But as we move down the road we're also faced with is this the right wheel? Is this the right engine? Is this the right transmission? As we start examining all those things with the cost to the car owner in mind, we understand that the more of those things that are on the track today that we can save, the better off we are going to be. So don't think of it as throwing away the old car and having to buy a new car. Think of it as anything that we can use that the owners have already invested in, we want to use. If it's doing a good job, let's keep it. If there's something we can do better, let's add it on and ultimately we end up with a Car of Tomorrow really one piece at a time. That's what excites me every day and gets me going is the progress we're making there.

Q: Mike, when you were talking about the EMT and that role that kind of sounded very similar to the role of the medical liaison. I wanted to clarify if they are two different positions or did you replace one position or what the difference is on that. My other question was to Gary is just: Where do these stand in regard to the safer barrier for this season? Did you like what you saw out of Homestead? And will there likely be tracks this year where they will have the barriers up before the series gets there?

MIKE HELTON: The EMT role is an extension of the medical liaison program that comes under Gary Smith. But it's not a medical liaison function. The medical liaisons are there to understand the medical history of the participants; to manage that program, the collection of that data; and the utilization of that data as it integrates into the medical care providers that the facilities provide.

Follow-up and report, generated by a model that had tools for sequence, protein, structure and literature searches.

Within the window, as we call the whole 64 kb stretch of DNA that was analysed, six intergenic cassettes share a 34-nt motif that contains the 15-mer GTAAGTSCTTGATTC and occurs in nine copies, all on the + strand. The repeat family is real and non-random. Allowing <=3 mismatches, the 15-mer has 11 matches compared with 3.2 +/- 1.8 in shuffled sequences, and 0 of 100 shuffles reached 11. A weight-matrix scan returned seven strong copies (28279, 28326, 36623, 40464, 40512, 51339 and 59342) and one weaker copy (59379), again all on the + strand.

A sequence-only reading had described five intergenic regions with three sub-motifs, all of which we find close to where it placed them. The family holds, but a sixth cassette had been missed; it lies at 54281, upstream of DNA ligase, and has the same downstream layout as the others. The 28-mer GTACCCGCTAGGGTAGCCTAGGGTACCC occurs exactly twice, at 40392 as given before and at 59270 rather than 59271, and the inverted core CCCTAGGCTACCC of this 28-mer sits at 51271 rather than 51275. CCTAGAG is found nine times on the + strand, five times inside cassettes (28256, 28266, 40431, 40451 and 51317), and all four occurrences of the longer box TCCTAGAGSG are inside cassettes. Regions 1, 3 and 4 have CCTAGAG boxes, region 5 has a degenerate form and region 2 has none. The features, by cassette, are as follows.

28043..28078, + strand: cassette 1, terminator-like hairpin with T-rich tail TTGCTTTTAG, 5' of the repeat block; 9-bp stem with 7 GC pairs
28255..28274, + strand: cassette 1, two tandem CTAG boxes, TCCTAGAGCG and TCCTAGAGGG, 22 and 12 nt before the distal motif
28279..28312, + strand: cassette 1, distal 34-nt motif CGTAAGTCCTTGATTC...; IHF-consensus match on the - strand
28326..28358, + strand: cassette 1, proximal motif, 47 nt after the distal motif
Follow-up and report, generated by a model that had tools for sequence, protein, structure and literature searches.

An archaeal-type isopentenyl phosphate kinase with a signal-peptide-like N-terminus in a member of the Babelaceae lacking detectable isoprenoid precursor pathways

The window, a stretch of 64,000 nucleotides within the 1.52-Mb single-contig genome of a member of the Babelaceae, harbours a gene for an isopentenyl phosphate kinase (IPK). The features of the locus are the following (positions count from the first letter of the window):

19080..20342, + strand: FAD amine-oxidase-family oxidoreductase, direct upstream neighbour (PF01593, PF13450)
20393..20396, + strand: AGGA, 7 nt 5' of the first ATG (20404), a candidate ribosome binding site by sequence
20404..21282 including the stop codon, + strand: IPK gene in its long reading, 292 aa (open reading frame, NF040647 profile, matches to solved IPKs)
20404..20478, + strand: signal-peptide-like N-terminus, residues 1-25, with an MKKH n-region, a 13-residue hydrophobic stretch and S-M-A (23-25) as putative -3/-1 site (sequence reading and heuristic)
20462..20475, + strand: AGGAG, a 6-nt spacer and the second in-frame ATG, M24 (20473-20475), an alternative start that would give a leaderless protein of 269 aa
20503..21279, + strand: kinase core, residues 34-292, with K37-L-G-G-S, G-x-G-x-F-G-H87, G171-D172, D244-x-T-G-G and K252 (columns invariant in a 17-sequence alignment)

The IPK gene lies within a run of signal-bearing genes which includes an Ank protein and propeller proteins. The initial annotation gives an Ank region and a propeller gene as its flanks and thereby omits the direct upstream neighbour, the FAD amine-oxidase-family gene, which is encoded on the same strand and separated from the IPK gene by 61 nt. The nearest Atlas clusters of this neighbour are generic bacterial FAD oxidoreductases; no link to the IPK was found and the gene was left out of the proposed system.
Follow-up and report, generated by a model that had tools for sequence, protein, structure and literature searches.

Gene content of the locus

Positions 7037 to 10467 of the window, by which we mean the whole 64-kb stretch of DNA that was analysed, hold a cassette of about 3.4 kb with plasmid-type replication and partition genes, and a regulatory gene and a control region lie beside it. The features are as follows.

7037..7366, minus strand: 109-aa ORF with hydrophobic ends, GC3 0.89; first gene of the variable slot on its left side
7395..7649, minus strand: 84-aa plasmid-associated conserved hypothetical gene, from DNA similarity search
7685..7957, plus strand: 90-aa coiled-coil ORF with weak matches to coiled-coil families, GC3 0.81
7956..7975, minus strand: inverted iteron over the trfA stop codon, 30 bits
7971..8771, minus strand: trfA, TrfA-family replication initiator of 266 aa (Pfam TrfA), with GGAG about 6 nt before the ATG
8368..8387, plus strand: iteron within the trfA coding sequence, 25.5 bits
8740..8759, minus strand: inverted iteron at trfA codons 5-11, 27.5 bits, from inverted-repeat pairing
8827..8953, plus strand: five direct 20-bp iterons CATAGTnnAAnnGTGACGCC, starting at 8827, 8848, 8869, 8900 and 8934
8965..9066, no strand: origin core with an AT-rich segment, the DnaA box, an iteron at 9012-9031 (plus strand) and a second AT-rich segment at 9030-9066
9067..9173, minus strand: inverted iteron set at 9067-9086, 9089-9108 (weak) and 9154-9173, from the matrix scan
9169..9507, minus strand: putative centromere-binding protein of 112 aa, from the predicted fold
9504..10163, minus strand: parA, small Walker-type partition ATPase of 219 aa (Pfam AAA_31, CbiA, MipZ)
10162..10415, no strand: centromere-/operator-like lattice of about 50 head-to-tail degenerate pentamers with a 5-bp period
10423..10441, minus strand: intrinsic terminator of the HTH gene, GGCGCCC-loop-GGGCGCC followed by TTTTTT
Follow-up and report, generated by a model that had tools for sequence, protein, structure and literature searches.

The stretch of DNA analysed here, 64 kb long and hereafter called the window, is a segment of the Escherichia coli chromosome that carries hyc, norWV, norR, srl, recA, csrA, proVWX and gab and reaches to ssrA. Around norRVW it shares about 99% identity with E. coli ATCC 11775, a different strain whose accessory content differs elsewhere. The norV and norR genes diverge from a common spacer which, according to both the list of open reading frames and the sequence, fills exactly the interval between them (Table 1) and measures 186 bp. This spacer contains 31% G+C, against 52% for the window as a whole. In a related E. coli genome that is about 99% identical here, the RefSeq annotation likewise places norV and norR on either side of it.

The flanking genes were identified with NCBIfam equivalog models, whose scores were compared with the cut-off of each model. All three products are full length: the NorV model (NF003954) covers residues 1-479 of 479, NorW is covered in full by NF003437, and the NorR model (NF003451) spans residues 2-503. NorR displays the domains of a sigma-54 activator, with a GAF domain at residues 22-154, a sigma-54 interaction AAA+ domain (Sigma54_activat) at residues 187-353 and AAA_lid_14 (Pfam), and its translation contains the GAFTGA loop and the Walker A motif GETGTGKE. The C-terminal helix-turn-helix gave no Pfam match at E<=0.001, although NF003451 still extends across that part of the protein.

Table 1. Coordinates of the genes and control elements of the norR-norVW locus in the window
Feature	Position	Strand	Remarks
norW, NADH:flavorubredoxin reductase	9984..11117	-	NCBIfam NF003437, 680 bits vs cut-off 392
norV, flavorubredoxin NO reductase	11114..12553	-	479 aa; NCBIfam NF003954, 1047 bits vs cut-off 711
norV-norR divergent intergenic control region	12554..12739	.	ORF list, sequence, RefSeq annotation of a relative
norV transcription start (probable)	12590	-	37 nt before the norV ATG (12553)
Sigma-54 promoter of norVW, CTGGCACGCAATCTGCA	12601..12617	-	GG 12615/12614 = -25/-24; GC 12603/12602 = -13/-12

The addition of an EMT, after we began using a chase vehicle, if you will, was the idea of, okay, if the chase vehicle makes sense - and we feel like it does - then let's take an EMT and their experience and make them the official that drive that chase vehicle, or whatever it may be, so that he also functions as an official, but he also has the experience and as he watches everything unfold out there, he can help us manage the programs that we have in place; that the medical liaisons do around the table and in advance of the advance to establish the standard that we ask tracks to live up to. He is actually a function of the EMT would be, more an official function as the event unfolds on the racetrack, supervising it or understanding it as it unfolds out on the racetrack at the scene.